AUSTIN (KXAN) — Our recent stretch of unusually dry weather has led to the development and expansion of abnormal dryness and drought across Central Texas. In fact, we likely haven’t had this much “Severe Drought” in Central Texas since early January 2021 (almost exactly a year ago).

US Drought Monitor: Released January 13, 2022

Most of the Hill Country has worsened to ‘Severe Drought’ with widespread ‘Abnormal Dryness’ for the Austin Metro Counties and our eastern counties.

This map shows the change in drought status from last week:

Change in drought status from January 4th-January 11th. US Drought Monitor

No parts of the KXAN viewing area saw improvement in drought status, only a continuation or worsening.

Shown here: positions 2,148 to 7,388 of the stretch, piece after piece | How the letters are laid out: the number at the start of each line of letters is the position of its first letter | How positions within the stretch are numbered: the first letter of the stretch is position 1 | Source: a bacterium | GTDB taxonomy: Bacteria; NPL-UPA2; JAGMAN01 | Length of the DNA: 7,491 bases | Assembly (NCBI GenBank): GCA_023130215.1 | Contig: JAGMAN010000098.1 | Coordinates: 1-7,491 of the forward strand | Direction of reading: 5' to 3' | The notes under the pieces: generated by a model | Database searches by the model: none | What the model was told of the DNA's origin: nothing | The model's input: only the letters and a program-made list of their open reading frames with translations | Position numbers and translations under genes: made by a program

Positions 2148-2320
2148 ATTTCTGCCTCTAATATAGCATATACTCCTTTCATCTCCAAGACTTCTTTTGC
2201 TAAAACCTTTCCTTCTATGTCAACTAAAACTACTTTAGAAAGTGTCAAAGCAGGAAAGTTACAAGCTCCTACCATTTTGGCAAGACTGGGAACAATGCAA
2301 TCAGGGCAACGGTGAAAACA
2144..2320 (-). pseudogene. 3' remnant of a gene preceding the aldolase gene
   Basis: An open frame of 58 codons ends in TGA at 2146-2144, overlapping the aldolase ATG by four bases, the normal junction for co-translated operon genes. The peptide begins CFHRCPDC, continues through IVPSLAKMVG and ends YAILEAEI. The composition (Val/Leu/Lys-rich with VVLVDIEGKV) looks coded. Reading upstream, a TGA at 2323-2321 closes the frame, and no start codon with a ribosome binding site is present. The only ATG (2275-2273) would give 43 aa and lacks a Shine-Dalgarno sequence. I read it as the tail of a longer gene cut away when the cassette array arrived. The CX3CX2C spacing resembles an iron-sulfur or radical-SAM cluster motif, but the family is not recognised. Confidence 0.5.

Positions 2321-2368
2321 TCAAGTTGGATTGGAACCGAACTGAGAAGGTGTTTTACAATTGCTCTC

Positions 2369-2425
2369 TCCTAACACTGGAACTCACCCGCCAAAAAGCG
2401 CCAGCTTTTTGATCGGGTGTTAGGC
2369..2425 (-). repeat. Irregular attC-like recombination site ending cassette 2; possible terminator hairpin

According to the Southern Regional Climate Center, most of Central Texas has received 3-6 inches less rainfall than normal over the past 90 days.

Courtesy: Southern Regional Climate Center

We’re in the middle of a La Nina weather pattern, which typically brings warmer and drier than normal conditions to Central Texas.

Meteorological winter runs from Dec. 1 through the end of February. Already the first month of winter was a record one for Central Texas with the warmest December on record and likely the warmest December for the entire state of Texas.

Various counties in Central Texas and beyond have Burn Bans. This is the burn ban map as of January 13th.

Burn Bans: January 13th

With significant wind and recent dry conditions, strong winds this Saturday may dry us out more, while at the same time bringing an increased wildfire threat.

Stay with the First Warning Weather Team as we track the forecast.